# Simplifying Variable Expressions

Applying the properties of operations to simplify expressions.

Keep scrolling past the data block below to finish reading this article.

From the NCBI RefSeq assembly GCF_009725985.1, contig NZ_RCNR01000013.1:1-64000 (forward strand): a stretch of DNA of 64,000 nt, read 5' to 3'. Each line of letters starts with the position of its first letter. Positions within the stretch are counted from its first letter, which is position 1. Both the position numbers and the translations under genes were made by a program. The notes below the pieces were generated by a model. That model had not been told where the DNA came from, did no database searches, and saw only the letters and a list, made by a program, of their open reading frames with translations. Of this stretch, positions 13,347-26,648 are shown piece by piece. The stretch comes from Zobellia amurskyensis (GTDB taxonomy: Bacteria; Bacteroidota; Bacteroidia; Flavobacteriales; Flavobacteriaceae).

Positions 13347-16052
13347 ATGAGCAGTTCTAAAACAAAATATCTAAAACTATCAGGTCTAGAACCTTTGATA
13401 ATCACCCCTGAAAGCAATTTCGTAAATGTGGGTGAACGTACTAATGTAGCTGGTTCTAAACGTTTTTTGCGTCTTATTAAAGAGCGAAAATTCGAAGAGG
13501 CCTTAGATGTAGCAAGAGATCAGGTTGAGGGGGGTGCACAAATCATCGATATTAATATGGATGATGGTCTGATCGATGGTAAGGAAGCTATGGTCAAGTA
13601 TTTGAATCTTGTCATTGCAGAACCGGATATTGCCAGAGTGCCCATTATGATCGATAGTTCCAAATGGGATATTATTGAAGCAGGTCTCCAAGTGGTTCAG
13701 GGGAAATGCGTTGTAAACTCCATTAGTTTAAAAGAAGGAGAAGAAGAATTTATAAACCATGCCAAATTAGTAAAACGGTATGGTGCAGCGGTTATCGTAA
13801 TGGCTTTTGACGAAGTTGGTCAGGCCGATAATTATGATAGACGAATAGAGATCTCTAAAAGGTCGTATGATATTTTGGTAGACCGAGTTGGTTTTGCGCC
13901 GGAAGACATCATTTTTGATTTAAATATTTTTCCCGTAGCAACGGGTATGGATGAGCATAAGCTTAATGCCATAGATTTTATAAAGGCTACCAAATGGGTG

Evaluate expressions at specific values of their variables. Include expressions that arise from formulas used in real-world problems. Perform arithmetic operations, including those involving whole-number exponents, in the conventional order when there are no parentheses to specify a particular order (Order of Operations). For example, use the formulas V = s³ and A = 6s² to find the volume and surface area of a cube with sides of length s = 1/2. Apply the properties of operations to generate equivalent expressions. For example, apply the distributive property to the expression 3(2 + x) to produce the equivalent expression 6 + 3x; apply the distributive property to the expression 24x + 18y to produce the equivalent expression 6 (4x + 3y); apply properties of operations to y + y + y to produce the equivalent expression 3y. Identify when two expressions are equivalent (i.e., when the two expressions name the same number regardless of which value is substituted into them). For example, the expressions y + y + y and 3y are equivalent because they name the same number regardless of which number y stands for. Use variables to represent numbers and write expressions when solving a real-world or mathematical problem; understand that a variable can represent an unknown number, or, depending on the purpose at hand, any number in a specified set. Use variables to represent quantities in a real-world or mathematical problem, and construct simple equations and inequalities to solve problems by reasoning about the quantities. Apply properties of operations as strategies to add, subtract, factor, and expand linear expressions with rational coefficients. Understand that rewriting an expression in different forms in a problem context can shed light on the problem and how the quantities in it are related. For example, a + 0.05a = 1.05a means that “increase by 5%” is the same as “multiply by 1.05.”